Pacemakers are also known which respond to other types of physiological based signals, such as signals from sensors for measuring the pressure inside the patient's ventricle or for measuring the level of the patient's physical activity. In recent years, pacemakers which estimate the metabolic demand and vary the pacing rate and response thereto have become widely available. One example of this measures physical activity by means of a piezoelectrical transducer. Such a pacemaker is disclosed in U.S. Pat. No. 4,485,813 to Anderson, et al.
The primary disadvantage of a rate-responsive pacemaker employing a physical activity sensor is the difficulty of obtaining a scaled response through gradations of metabolic demand. Activity sensors generally act in an on/off fashion, in which a sensor is unable to detect changes in patient workload. Therefore, the response of activity based, rate-responsive pacemakers does not normally depend on the amount of exercise the patient is performing, but instead the rate change remains identical so long as the measured activity is above a preprogrammed level.
Furthermore, a physical activity sensor generates an undesirable response to noise disturbances arising external to the body such as car vibrations, etc. Noise disturbances are also realized from within the body for functions such as coughing, sneezing and laughing.
Pacemakers that use metabolic demand sensors for measuring and analyzing impedance signals which relate to a patient's respiratory function to adjust pacing according to the metabolic demands of the patient are also known. The respiratory parameter which correlates most closely to heart rate is minute-volume ventilation which is a highly physiologic variable which reflects closely the metabolic demands of exercise. Minute-volume ventilation is a measure of the amount of air inspired by a person as a function of time. The greater the amount of air inspired, the greater the need for a higher pacing rate.
U.S. Pat. No. 4,702,253 to Nappholz et al. discloses a rate-responsive pacemaker which senses impedance in the pleural cavity of a patient and derives respiratory minute volume from impedance. The minute volume is then used as a rate control parameter. As stated above, the greater the amount of air inspired, the greater the need for a higher pacing rate. The device described in the '253 patent requires a non-standard pacing lead in order to perform the minute-volume measurement.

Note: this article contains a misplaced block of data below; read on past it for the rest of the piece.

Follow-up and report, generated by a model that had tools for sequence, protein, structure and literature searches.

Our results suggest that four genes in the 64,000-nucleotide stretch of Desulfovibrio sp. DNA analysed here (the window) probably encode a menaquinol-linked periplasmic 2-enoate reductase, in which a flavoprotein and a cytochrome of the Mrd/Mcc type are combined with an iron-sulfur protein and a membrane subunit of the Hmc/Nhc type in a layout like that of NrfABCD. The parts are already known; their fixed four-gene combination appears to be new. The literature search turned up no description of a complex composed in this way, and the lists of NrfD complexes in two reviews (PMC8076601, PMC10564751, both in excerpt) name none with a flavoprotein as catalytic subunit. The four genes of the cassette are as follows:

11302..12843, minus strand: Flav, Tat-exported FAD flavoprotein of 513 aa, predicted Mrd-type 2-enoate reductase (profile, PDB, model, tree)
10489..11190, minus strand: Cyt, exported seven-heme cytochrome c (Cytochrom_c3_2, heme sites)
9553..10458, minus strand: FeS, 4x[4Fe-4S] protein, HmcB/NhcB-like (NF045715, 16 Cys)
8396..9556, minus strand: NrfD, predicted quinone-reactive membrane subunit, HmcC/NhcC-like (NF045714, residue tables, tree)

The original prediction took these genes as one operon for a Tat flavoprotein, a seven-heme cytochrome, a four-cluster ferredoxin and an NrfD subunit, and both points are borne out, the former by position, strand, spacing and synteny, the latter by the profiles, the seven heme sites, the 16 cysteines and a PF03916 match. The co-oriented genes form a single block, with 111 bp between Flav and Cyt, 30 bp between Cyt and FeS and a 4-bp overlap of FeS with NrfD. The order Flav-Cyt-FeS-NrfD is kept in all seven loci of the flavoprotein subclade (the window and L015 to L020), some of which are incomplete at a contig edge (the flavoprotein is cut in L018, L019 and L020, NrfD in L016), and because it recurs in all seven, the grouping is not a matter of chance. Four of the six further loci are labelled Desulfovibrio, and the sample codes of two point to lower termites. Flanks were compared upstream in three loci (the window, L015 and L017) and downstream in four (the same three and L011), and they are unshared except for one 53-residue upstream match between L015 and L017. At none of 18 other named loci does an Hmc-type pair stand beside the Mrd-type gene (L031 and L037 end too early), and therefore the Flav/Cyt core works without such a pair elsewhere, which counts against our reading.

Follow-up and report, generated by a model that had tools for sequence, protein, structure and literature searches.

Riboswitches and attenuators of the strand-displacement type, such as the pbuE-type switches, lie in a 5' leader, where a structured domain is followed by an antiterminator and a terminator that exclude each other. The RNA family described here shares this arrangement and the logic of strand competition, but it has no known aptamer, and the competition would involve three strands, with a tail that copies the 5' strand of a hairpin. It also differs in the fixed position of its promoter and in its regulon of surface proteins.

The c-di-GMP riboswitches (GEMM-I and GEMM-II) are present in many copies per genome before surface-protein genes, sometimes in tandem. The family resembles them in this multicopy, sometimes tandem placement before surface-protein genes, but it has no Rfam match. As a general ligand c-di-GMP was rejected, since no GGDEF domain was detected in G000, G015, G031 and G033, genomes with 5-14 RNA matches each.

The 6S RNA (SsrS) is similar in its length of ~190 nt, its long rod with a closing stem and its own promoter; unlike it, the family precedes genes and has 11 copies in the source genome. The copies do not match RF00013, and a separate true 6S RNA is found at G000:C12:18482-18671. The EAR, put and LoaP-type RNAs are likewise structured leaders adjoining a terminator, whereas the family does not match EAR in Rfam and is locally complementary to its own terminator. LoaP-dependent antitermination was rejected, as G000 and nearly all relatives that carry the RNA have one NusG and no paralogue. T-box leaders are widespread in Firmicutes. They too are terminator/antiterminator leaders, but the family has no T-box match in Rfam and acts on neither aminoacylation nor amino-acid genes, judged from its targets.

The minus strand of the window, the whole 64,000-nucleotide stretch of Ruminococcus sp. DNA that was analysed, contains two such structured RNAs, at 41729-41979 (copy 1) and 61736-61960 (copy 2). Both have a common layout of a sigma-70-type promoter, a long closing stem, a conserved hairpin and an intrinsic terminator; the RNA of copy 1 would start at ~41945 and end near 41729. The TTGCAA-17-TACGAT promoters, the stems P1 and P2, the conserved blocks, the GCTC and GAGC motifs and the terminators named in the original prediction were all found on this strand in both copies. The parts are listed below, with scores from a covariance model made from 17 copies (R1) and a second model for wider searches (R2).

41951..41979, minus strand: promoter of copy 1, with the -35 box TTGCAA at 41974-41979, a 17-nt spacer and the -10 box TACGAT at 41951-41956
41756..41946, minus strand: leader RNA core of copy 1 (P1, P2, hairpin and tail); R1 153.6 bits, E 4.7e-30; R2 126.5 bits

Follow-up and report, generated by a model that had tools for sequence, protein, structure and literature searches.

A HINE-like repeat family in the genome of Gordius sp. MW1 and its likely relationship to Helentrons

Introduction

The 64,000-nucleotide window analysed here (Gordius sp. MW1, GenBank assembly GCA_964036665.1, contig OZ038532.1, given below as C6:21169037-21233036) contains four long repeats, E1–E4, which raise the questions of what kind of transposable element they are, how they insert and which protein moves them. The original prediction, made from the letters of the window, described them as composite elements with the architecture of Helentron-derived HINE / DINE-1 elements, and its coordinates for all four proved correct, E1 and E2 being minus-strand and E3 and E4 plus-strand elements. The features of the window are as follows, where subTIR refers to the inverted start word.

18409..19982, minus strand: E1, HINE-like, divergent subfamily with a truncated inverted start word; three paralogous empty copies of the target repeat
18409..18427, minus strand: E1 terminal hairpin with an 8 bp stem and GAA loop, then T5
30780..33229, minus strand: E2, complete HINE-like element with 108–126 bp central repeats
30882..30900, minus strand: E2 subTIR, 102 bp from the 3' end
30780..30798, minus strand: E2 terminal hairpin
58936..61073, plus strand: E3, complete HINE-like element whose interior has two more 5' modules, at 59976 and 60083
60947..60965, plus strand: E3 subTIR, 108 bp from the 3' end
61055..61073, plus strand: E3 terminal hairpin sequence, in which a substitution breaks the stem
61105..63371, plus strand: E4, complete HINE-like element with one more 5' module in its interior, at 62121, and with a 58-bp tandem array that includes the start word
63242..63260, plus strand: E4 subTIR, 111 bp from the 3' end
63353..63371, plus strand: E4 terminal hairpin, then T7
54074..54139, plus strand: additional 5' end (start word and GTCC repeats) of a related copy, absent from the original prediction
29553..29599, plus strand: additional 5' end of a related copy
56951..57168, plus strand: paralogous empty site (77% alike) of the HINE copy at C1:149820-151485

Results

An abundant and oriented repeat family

Other minute-volume rate-responsive pacing systems include U.S. Pat. No. 4,901,725 to Nappholz et al. and U.S. Pat. No. 5,201,808 to Steinhaus et al. The '725 patent discloses a system that derives a minute-volume from a bipolar lead by using an algorithm based on averaged samples and zero crossings to determine the pacing rate. The '808 patent employs a high frequency measuring current which creates a displacement current within the body. The displacement current is then used to detect spacial impedance.
As indicated above, there are numerous known pacing systems. As is well understood by those skilled in the art, pacemaker technology is quite different from ICD technology. For example, a typical defibrillation countershock is on the order of 40 joules while a typical pacing pulse is on the order of 4 microjoules, which is analogous to comparing a go-cart to a MACK™ truck.
With the proliferation of ICD systems being implanted into patients there is now a substantial population who would benefit from both a traditional pacing therapy and the safeguards an ICD system provides. It is desirable to provide an ICD system capable of the traditional ICD functions yet also having rate-responsive pacing capabilities.
The present provides an implantable cardioverter defibrillator (ICD) system having rate-responsive pacing capabilities. An electrical pulse generating device having a housing containing pulse generating circuitry is provided. A conductive lead connectable to the housing that has a first electrode, a second electrode and a coil electrode is provided. Switching circuitry is provided contained in the housing that switches the coil electrode between a rate-responsive sensing electrode and a defibrillation electrode. Control circuity is provided within the housing for controlling the delivery of modulating signals to the coil electrode and for sensing changes in resistance between the coil electrode and the housing. The control circuitry also causes an alteration of the pacing signal applied to the pacing electrode depending upon the change in the resistance sensed.